There is a peculiar thing about the display like on other Huawei phones. A thin black frame runs around the display and when the screen is off, it gives the illusion that the bezels are super slim. It's really an effective trick that helps a lot in the aesthetics department.
Honor went with a 5.5 inch, LCD IPS display with a resolution of 1080x1920px.
The phone also offers optional software level sunlight compensation. It would temporarily brighten up the detail in the dark parts of the screen content, which would otherwise be tough to see in direct sunlight.
Colors don't shift when turning the device about, but there is some contrast shift when looking at the device at an angle.
The color representation of the Honor 5X's display is quite good for a phone of this price range though its default wallpaper does not do the display any favors.
In reality, colors look vibrant without being too saturated, and the brightness is quite generous even in direct sunlight.
While this display is generously bright in good light (473.1nits), it does not get as dim as some other devices can (6.1nits). This is not a deal-breaker, though, unless you plan on often using this device in pitch black rooms.
With the default display settings, the Honor 5X showed a very good contrast ratio of 1:1072.
The max color deviation (DeltaE) was 11.3 and the average one was 4.3. The whites were the most inaccurate with a slight bluish tinge but nothing major.
The 5X does let you manually change the color temperature of the display. When we played with it we were able to reduce the average and max deviations to DeltaE 2.3 and 5, respectively. There was minimal loss in screen brightness when adjusting the color temperature to a slightly warmer one.
|Display test||100% brightness|
|Black, cd/m2||White, cd/m2|
The Honor 5X features two SIM tray slots; one is a microSIM and the other a nanoSIM. It is capable of 42.2/11.5 Mbps on HSPA+ and LTE Cat4 @ 150/50 Mbps. The specs sheet lists the device as compatible with LTE band 12. Unfortunately, Honor has told us that it hasn't any plans to certify the Honor 5X for T-Mobile's 700MhZ band 12 at this time.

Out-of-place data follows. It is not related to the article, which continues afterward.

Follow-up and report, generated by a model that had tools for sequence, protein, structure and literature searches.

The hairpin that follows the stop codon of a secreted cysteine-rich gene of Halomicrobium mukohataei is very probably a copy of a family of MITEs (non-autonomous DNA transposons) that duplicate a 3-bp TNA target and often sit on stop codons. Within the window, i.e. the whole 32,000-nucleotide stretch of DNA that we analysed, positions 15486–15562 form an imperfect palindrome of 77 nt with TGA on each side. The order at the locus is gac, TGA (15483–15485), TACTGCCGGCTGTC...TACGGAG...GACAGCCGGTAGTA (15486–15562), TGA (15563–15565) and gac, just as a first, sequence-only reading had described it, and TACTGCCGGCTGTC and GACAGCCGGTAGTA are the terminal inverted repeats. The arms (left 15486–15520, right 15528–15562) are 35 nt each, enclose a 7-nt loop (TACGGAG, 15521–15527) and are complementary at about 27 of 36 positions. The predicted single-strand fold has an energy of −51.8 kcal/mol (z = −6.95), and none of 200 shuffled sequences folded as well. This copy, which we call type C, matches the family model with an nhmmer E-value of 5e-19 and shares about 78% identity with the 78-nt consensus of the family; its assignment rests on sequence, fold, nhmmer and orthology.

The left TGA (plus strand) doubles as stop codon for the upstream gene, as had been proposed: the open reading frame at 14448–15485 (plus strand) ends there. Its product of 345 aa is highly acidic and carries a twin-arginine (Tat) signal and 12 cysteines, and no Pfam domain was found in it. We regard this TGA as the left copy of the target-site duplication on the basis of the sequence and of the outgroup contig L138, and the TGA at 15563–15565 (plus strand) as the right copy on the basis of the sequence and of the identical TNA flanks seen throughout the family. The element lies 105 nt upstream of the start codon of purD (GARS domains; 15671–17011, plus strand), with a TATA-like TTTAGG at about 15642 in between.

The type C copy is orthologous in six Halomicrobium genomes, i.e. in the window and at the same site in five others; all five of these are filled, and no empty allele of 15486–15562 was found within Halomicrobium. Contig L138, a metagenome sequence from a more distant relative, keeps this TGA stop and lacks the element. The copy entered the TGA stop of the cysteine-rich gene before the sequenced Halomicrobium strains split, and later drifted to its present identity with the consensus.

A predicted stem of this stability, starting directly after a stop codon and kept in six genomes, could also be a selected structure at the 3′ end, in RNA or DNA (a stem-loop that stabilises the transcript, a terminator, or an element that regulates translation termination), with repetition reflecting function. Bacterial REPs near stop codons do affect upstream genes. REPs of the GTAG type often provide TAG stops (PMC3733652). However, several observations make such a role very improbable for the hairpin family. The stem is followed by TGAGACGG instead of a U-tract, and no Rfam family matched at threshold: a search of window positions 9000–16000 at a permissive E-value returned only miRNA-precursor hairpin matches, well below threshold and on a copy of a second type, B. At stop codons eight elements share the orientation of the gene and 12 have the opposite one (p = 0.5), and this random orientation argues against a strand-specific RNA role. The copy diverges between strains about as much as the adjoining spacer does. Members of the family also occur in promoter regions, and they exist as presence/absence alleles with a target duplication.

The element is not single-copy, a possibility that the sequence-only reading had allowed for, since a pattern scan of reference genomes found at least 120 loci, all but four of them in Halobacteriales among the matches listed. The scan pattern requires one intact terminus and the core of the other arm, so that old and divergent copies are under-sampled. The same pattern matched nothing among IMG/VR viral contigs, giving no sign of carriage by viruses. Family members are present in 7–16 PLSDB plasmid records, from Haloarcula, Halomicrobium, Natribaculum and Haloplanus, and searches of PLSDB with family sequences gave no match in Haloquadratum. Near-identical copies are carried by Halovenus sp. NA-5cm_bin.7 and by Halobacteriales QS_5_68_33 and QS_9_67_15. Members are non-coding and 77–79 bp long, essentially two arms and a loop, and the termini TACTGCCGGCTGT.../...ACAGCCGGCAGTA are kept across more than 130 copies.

There are a couple of places in the connectivity department where Honor has found ways to cut cost. Among the common myriad of connectivity options like Bluetooth 4.1 A2DP and FM Radio, there is no NFC, also there is the omission of 5GHz dual Wi-Fi, which isn't horrible, but is often found on many smartphones.
Don't expect there to be any TV output via the microUSB port, though perhaps TV out options are becoming more and more phased out by mirroring devices like smart TVs, Miracast dongless, and the Chromecast. Of course, the case might differ in other regions around the world.
EM UI offers many battery saving options that can help your phone sip battery to the very last drop. Right off the bat, as you begin using your device, the Honor 5X scopes out potential battery hogs and reports them to you via a notification. From here you can either ignore further alerts for that app, or you can force close the app immediately.
Facebook and Twitter, for instance, are not protected by default, which means they get terminated upon putting the phone to sleep, all you have to do is head to the Protected Apps window and whitelist the apps that you expect push notifications from.
This is a bit of a nuisance, alternatively, the apps could have been pre-protected so they work properly, or the apps could have been excluded from pre-installed apps so they'd be protected upon installation.
There is also even an Ultra Power Save mode baked in which will disable all data, extra connectivity like Wi-Fi and Bluetooth, and only allow you to make and receive calls, send or receive SMS, or look through your contacts.
The Honor 5X comes with a generous 3000mAh battery which is just at the middle of what the 5.5 inch 1080p market offers with phones like the Xiaomi Redmi Note 3, Meizu m2 note, and the Lenovo K4 Note. When looking at the overall scores of the devices in this niche, the Honor 5X did a bit better than most devices with an overall score of 76 hours - probably thanks to EM UI's excellent battery saving features.
The Honor 5X did well for a device of its price. It gave us 9:16h of video playback, 10:00h of web browsing, 29:50h of call time. This battery draw, combined with the standby time, gives us an overall score of 76 hours, which is about how long the phone would last you if you used it for an hour of calling, web browsing and video watching per day.
Our proprietary rating denotes the number of hours the phone will be operational if you are to make an hour of 3G talks, web browsing and video playback per day. Such usage pattern is of course entirely artificial, but we've established it so our battery results are comparable across devices.
The proprietary score also includes a standby battery draw test, which is not featured in our battery test scorecard but is calculated in the total endurance rating. Our battery testing procedure is described in detail in case you want to learn more about it.